An example of this is the theory of the spontaneous generation of insects, which was widely accepted for centuries. Insects and other lower organisms were thought to be spontaneously generated by rotting meat and other non-living matter. This view was logical within the context of the theory: no satisfactory theories existed about where life came from, apart from calling it a divine miracle. Insect eggs are small, and could not be seen in the rotting meat. Insects seemed small and uncomplicated, and it was conceivable that such a simple organism could be spontaneously generated. The theory of spontaneous generation was old and respected as well, dating back to the ancient Greeks. (1)

Ultimately, though the environment this theory existed in changed. Experiments were done by Redi and then Pasteur which showed that meat does not spontaneously generate life, but rather insects lay their eggs upon it. With convincing evidence opposing the theory it lost its general acceptance.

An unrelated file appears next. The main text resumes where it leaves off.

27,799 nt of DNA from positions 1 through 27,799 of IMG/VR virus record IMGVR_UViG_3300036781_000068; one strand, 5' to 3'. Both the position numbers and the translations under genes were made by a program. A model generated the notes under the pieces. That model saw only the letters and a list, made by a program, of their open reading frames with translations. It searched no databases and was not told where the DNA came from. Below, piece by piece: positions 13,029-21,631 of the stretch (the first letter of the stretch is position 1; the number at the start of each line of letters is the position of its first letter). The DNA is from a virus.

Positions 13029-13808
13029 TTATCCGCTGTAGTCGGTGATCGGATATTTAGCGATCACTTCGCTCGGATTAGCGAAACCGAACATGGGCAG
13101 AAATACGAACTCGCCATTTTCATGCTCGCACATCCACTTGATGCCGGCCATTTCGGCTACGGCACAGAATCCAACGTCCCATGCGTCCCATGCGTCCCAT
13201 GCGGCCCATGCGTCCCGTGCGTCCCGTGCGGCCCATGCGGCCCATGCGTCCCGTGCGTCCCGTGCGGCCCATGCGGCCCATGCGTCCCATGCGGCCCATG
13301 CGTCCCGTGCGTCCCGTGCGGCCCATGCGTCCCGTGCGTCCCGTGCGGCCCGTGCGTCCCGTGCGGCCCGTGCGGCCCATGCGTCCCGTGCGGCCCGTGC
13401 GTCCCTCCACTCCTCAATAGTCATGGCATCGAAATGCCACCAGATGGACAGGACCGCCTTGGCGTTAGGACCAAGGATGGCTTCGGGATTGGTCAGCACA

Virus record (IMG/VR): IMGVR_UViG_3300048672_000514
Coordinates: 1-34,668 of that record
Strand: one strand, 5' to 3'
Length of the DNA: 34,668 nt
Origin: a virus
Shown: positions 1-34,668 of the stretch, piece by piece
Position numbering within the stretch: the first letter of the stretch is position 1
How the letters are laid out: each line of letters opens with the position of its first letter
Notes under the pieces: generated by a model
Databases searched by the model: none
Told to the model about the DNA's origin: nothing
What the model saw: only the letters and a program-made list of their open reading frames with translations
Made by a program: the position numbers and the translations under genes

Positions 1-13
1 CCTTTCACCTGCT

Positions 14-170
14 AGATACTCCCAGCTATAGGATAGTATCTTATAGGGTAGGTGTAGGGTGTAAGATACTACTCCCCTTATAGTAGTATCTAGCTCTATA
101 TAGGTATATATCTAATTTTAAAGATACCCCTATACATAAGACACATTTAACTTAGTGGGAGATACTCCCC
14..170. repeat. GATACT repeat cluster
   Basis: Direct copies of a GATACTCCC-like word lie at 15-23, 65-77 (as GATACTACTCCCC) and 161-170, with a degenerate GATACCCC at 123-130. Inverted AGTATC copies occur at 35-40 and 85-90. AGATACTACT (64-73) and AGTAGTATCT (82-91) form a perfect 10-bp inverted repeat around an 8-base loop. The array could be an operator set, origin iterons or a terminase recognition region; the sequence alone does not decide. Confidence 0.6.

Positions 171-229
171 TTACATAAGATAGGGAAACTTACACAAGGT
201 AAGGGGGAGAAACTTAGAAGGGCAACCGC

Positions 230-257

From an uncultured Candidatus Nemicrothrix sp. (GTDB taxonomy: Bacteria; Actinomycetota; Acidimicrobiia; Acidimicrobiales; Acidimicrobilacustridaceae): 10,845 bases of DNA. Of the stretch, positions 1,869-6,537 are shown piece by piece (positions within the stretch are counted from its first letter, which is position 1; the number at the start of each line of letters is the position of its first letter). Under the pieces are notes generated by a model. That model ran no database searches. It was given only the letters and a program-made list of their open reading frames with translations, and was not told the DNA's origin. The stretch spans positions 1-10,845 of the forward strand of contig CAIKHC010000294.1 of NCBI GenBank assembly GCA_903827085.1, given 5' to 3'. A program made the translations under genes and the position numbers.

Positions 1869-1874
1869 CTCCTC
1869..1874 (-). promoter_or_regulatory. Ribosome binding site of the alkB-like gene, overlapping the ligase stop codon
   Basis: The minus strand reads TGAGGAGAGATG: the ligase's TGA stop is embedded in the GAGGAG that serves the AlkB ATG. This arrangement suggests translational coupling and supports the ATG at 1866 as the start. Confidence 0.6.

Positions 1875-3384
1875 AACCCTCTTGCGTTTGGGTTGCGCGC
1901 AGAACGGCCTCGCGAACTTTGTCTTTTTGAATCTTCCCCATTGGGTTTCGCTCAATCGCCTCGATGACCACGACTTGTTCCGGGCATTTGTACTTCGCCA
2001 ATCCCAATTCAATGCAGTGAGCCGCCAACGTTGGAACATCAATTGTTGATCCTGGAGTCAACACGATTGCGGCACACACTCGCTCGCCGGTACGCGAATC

Also, just as there is a large element of chance in evolution, an idea that works perfectly well may sink into oblivion by pure chance. For example, the work of Gregor Mendel was rediscovered some 35 after it was published (2) but may easily never have been rediscovered at all.

A series of changes in the environment and a state of turmoil can clear the way for a tremendous amount of new creative thought, just as mass extinctions are followed by explosions of new life and innovations. Conditions were such at the beginning of the 19th century. The French and American Revolutions had just occurred, and continuing industrialization and the rise of the industrial working class were causing turmoil as well. Europeans were exploring the world and discovering the sheer impossible variety that existed in nature. And although this variety itself did not create any problems with the existing worldview, the patterns exhibited by it did. (2)